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I got it off Google Images…

By January 15, 2017 No Comments

I often ask teachers if they use Google Images for the pictures they use in the resources they make for the classroom.

The majority of teachers tell me they use Google Images for all their images. They simply go to the site, search for their image, grab the best one and use it. I get why people would do this; it’s quick, easy to do and inside the Google search comfort zone. Doing this however is wrong, as seemingly too few of us know. Many, if not the majority of images found via the Google Images search engine will be subject to licensing. If you are using Google Images in this way then please stop. Stop now.

I think this quote from a comment thread on this post about Getty Images sueing people who use their images sums up the situation quite well…

I got it off Google Images properly

So you might be thinking, darn – so how do I get images that aren’t licensed? Well actually, Google do help us with that with a few quick clicks. Simply go to Google Images and…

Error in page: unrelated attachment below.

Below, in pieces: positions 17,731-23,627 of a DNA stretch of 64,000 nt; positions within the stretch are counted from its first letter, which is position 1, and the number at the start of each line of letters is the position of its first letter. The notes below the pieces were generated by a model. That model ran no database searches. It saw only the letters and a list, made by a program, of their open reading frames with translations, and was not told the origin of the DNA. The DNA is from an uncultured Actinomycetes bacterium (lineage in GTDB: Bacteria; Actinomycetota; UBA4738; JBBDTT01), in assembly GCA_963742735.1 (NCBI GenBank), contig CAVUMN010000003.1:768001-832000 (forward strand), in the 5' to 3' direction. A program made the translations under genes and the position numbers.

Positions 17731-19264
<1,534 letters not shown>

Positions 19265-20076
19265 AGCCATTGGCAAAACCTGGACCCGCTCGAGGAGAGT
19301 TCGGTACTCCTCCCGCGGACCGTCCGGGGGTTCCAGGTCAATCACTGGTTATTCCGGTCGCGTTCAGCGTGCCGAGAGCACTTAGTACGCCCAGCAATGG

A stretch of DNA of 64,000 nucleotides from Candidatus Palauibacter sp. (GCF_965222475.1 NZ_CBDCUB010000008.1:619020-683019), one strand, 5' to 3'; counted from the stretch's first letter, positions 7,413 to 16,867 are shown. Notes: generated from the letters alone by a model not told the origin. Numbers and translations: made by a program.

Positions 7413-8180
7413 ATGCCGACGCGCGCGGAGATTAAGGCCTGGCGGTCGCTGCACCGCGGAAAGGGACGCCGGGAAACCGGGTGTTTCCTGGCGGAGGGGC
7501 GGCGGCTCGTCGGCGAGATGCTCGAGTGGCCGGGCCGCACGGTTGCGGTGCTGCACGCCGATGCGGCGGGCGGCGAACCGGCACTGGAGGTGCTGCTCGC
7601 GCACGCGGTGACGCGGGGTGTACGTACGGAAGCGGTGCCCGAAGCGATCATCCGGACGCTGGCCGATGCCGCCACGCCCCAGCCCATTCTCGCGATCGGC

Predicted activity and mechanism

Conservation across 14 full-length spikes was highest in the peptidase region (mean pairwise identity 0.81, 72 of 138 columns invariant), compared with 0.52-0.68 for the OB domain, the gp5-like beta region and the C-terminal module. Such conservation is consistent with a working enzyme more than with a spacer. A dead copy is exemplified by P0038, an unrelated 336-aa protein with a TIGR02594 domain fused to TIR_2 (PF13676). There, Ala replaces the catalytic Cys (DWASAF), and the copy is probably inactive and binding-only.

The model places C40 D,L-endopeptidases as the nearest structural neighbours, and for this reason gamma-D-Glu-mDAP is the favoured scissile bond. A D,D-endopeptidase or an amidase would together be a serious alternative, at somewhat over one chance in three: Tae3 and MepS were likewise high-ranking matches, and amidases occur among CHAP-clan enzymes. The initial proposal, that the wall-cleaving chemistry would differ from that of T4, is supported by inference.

The problem you’ll find quite quickly is though that the images that you’re left with are often not as good or as suitable as those you would normally see without this filter. This is where Pixabay comes in…

Free images and videos you can use anywhere…

That’s the strap line on the Pixabay website where you can find a stack of photos, illustrations, vector graphics and videos, all released free of copyrights under Creative Commons CC0. You may grab the images, modify, distribute, and use them royalty free for anything you like, even in commercial applications. Attribution is not always required.

Simply go to the Pixabay website, sign in with your Google, Facebook or Microsoft credentials and you’re good to go! Simply search for what you want and away you go.

When the image selections come up, make sure to only pick the images that aren’t in the Shutterstock advert banner at the top. When you find an image you’d like, click or tap on it.

Next just click or tap on where it says ‘Free Download’ on the right hand side and you can then download the image at varying quality levels. Please do also check on the right hand side, just above where it says ‘Free Download’ to check to see if any attribution is required. If you look you’ll see in the image above that with this image there is no attribution required.

Please do add comments if you have found this post useful. Over and out.

 

Mark Anderson

About Mark Anderson

Mark Anderson, @ICTEvangelist. Click here to learn more.